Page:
21's option was to be like the blade of the spade. Cutting, wounding. The way of the spade was more 3 than 7 though 7 tried to keep up. 3 was the blade. 7 more the handle. 11 sought to be the shaft. 21 though no one ever knew was the foot on the blade. 3 could not reach him, Neither 7. Nor 11. Like Jones they all hoped to throw stones. They learned from Jones and Jones appreciated it. The more 3 and 7 cut and thrust at their fellows the less Jones would have to watch for everyone to be standing, the less he would have to do his counting. Some times 3 and 7 could be like 21. You might not know they were there at these times. It was when you knew they were there that they were a problem for anyone who stood in their way. Everyone except for Jones their hated gardener. Everyone except for Jones and 21. The secret of the spade? You can stand with the spade. You can lean and rest but still be standing with the spade. Standing was the perverse nature of 21. 21 doesn't mind you seeing 21 standing. Standing says 21 is here. Here, obtuse, stupid, willing to be standing. Jones and 3 and 7 would never ever see 21 not standing in his earthy ignorant way.  Standing, looking out, the higher you stand the further the horizon, the further the horizon, the further away the Old Garden, the further away the Old Garden the further lost in imagination, the further lost in imagination the further absent, the further absent the further missing, the further missing the further lost to number, the further lost to number the further not constrained by duty, the easier to rest. So 21 remained standing, working and resting. 21 standing. Standing and alone.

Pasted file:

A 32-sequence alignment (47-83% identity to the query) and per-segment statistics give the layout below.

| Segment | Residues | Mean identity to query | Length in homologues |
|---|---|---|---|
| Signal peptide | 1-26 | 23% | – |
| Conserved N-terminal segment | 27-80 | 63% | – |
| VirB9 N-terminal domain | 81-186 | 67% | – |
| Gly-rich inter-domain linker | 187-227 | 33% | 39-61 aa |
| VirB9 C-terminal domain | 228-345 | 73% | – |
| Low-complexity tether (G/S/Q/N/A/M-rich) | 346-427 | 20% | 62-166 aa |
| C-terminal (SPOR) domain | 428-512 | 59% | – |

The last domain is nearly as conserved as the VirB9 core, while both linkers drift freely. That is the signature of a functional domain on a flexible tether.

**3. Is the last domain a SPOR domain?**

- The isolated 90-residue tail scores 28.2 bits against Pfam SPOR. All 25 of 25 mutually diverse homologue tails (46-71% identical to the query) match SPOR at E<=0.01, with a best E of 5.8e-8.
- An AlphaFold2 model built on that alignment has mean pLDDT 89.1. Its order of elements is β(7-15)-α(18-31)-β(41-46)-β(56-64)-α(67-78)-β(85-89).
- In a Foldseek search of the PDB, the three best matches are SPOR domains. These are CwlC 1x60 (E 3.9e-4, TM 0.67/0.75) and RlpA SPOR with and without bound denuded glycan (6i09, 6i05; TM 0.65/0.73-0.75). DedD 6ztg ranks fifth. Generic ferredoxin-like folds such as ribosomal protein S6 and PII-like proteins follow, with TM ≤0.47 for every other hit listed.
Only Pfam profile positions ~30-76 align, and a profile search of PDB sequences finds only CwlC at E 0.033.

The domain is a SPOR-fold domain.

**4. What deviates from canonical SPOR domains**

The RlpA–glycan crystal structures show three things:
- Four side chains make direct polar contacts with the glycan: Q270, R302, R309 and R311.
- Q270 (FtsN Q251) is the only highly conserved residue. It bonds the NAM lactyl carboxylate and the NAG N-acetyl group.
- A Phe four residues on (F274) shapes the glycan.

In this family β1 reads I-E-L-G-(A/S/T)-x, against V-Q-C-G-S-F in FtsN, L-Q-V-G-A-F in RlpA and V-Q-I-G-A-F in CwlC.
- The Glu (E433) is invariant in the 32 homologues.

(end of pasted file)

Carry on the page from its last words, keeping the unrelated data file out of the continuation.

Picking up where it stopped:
Posted by Rich Downes, 1 May 2016

Last modified by Rich Downes, 1 May 2016